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Review: ASUS V9950 GeForceFX 5900 Ultra 256MB

by Ryszard Sommefeldt on 27 September 2003, 00:00


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Apparently Arizona in the United States, and Chile in South America, fight for the title of having the worlds largest copper reserves on Earth. If ASUS keep making graphics cards, I think that could be under threat, for it wont be Arizona or Chile that have all the worlds copper, it'll be you, the graphics card consumer.

If you recall, back on the 12th July, I took a look at ASUS' non Ultra FX5900 board. The V9950 was a heavy beast, with copper caressing the GPU and 128MB of DDR memory on one side. Not content with that, ASUS' also forged ahead with an Ultra version of the same board. It's that board that I have the pleasure of looking at today.

With 256MB of memory, meaning chips on the back side of the PCB, ASUS have created the worlds first AGP8X copper sandwich. Not very tasty (I did try to eat it, the dentist appointment is next week) in the traditional sense, but in the world of consumer graphics and all that entails, very tasty indeed.

But without giving the game away on page 1, let's have a quick chat about NV35 before we delve into the realm of benchmarks, graphs and conclusions.

As we've said on quite a few occasions before at HEXUS, NV35 is all about the render setup. To get optimal performance out of our schizophrenic GPU, it needs to be taken advantage of in the right way. To fully exploit the power of NV35's ability to pass 8 textured pixels per clock through its pipeline, the calling application that's running on the hardware has to be setup correctly.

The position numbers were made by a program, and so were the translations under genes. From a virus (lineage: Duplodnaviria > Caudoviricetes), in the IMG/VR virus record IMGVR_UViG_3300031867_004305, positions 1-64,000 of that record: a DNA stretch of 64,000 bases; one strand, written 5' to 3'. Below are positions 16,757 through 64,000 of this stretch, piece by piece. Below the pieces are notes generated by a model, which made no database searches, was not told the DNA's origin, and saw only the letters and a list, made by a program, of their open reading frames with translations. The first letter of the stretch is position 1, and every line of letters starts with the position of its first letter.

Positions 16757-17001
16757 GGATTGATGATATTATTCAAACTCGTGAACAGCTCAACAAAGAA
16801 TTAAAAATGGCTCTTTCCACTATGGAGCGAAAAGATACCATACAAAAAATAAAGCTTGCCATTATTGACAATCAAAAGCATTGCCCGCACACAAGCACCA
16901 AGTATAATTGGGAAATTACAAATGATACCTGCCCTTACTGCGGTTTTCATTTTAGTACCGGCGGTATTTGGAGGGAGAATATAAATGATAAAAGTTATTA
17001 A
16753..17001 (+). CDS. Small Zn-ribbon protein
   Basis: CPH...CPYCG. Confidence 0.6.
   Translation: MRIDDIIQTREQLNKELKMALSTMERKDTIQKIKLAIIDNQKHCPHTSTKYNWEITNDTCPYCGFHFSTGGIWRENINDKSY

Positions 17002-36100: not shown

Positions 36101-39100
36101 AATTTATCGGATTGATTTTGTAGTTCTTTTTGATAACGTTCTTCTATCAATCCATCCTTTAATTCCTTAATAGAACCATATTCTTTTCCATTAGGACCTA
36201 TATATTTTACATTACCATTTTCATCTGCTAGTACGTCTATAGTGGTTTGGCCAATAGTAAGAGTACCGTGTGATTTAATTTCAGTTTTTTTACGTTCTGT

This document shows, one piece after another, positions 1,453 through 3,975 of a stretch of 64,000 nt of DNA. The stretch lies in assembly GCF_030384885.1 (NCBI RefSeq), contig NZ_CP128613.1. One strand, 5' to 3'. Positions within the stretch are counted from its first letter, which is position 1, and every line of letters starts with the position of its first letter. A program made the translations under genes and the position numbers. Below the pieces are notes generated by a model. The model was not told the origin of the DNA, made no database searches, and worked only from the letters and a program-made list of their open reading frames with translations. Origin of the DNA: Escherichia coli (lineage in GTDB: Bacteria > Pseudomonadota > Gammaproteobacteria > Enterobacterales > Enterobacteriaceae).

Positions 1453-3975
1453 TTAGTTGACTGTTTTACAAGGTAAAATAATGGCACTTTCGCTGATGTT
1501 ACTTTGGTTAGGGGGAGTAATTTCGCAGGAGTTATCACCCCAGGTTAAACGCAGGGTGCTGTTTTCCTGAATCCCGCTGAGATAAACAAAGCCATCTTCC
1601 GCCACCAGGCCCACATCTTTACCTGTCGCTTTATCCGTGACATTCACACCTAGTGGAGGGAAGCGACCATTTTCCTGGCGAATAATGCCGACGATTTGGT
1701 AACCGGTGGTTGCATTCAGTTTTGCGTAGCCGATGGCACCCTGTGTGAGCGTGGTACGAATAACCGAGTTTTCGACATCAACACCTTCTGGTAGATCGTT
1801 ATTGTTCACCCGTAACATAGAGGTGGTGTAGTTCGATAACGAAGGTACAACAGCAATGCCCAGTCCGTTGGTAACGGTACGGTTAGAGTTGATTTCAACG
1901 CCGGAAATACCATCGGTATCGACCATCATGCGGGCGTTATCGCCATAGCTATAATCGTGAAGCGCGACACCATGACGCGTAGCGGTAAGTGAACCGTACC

In a number of situations, NV35 will fall back to 4 pixel per clock rendering instead. While that doesn't mean texel (textured pixel) fillrate drops, it still uses all available texture units at all times, it does mean that theoretical pixel fillrate gets cut in half.

Shader performance is another kettle of fish. With pixel shader performance in particular, enjoying a rollercoaster ride in terms of performance from one driver to the next, it's hard to pin down exactly where an NV35 equipped card stands in the grand scheme of things. ATI like to put their 9800 Pro boards as the grand daddy's of the grand scheme and I'm not sure we can disagree. One minute PS performance is there, one minute it's not. The much whispered about Detonator XP 50 drivers can't come soon enough, in terms of helping us place NVIDIA's powerful beasts once and for all.

I wont bore you with another specification table full of numbers you'll have seen already, I'll just link you to here instead, which covers the figures pretty well.

So unless you've been living under a stone for the past few months, you'll know all about FX5900 Ultra, its main competitors and how it performs (for the most part), I don't need to cover that in too much depth here. Onwards, to the card itself.